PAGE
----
Saturday, January 22, 2022

Says the Dreamer

This poem from Clark Ashton Smith (CAS) was unpublished in his lifetime, and is not available on The Eldritch Dark, so here's the complete text:

My dream foresees the wilderness
of a future Atlantis
wherein the fiery phoenix will build
his necromantic nest.

It beholds in Mars the waterless
canals where frolic wantonly
the salamanders that flame
like internal fires.

It knows how the dragons,
spawn of a saffron sun
shake a wooded plain
with their enormous copulations.

It sips the bitterness
of the Mercurial lakes,
and proves the savor
of winter honeycombs in Venus.

It hears the unbreathing flowers
that sing in Jupiter
the doom of conquerors
that come from another firmament.

It assumes the wings of the seraph
and shares his blissful retreat;
it suffers the thirst of the vampire
And the hunger of the lycanthrope....

But whether my mooted fate
is a fable of my fear,
or is the dream of another Dreamer
my dreams have never known.

CAS also wrote a Spanish-language version of this poem entitled "Dice el soñador".

It's interesting to compare this poem to one that CAS wrote much earlier in his life with a similar title: "Said the Dreamer".  I blogged about that poem a few years ago:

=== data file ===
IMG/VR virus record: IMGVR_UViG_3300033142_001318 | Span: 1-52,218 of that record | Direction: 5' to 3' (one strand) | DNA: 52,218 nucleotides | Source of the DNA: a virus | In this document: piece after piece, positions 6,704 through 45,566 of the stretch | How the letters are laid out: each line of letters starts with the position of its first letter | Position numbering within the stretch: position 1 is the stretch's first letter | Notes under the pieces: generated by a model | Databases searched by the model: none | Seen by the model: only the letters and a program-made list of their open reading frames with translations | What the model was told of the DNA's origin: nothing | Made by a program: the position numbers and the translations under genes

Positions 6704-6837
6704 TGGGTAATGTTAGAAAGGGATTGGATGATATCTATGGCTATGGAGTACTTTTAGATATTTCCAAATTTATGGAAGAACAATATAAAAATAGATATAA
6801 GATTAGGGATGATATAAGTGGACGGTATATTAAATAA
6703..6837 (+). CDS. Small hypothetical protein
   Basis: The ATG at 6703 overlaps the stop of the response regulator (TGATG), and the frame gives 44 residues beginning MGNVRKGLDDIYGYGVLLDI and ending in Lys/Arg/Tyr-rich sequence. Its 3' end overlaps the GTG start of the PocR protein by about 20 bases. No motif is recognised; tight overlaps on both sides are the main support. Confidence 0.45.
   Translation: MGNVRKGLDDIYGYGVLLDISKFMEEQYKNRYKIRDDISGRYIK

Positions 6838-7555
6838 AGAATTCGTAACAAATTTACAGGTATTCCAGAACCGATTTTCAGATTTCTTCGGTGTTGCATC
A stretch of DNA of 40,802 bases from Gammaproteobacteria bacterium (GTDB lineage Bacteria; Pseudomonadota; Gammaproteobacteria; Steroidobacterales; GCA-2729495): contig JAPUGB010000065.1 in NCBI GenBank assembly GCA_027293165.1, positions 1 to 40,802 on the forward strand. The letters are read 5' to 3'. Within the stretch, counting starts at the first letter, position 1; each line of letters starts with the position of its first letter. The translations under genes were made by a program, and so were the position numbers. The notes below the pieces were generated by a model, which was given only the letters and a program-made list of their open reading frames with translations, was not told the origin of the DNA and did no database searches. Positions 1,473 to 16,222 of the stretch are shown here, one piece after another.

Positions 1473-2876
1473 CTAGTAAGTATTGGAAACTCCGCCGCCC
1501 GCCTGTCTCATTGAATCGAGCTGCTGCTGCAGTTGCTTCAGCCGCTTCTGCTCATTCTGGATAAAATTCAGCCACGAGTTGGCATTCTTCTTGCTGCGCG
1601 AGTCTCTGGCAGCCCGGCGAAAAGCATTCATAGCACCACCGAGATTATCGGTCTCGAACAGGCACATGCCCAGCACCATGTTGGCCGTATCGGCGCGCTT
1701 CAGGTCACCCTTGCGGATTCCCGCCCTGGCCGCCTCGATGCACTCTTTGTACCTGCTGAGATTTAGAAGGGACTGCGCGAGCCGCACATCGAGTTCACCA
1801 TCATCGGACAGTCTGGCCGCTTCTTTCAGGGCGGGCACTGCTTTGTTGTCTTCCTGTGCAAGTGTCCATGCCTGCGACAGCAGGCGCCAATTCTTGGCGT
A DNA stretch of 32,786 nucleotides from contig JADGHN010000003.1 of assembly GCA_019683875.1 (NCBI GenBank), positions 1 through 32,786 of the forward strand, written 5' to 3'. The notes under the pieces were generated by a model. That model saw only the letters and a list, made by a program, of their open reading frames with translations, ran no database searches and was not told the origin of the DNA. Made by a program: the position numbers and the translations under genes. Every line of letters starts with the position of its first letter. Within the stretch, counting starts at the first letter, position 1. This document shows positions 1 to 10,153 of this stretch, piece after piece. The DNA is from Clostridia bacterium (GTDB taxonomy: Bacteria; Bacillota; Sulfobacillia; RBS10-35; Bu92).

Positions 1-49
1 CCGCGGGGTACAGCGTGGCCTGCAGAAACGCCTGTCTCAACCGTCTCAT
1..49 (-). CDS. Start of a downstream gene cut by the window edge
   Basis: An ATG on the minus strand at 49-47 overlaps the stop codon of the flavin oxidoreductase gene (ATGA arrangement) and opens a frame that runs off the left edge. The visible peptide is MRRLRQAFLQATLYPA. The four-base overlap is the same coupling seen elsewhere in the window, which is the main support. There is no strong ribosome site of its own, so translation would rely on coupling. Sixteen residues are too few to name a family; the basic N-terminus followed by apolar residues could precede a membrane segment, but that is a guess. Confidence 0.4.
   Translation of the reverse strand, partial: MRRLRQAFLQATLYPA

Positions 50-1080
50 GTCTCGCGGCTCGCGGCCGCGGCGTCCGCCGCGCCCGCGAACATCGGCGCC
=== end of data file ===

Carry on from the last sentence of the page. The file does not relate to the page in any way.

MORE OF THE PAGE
Both poems document the fantastic encounters of a vivid dream, and both works  exult in weird imagery.  But where "Said the Dreamer" presents an apocalyptic vision ("Then in the dream I dreamt that Time was done"), "Says the Dreamer" focuses instead on alien exoticism ("winter honeycombs in Venus"), ending with a speculation as to the source of the incredible dream voyage described.  

Comparing the two poems, written almost forty years apart, provides an insight to CAS' maturing vision, where vast destructive powers at work on a cosmic level have given way to a musing on the forces that inspire the very act of dreaming.

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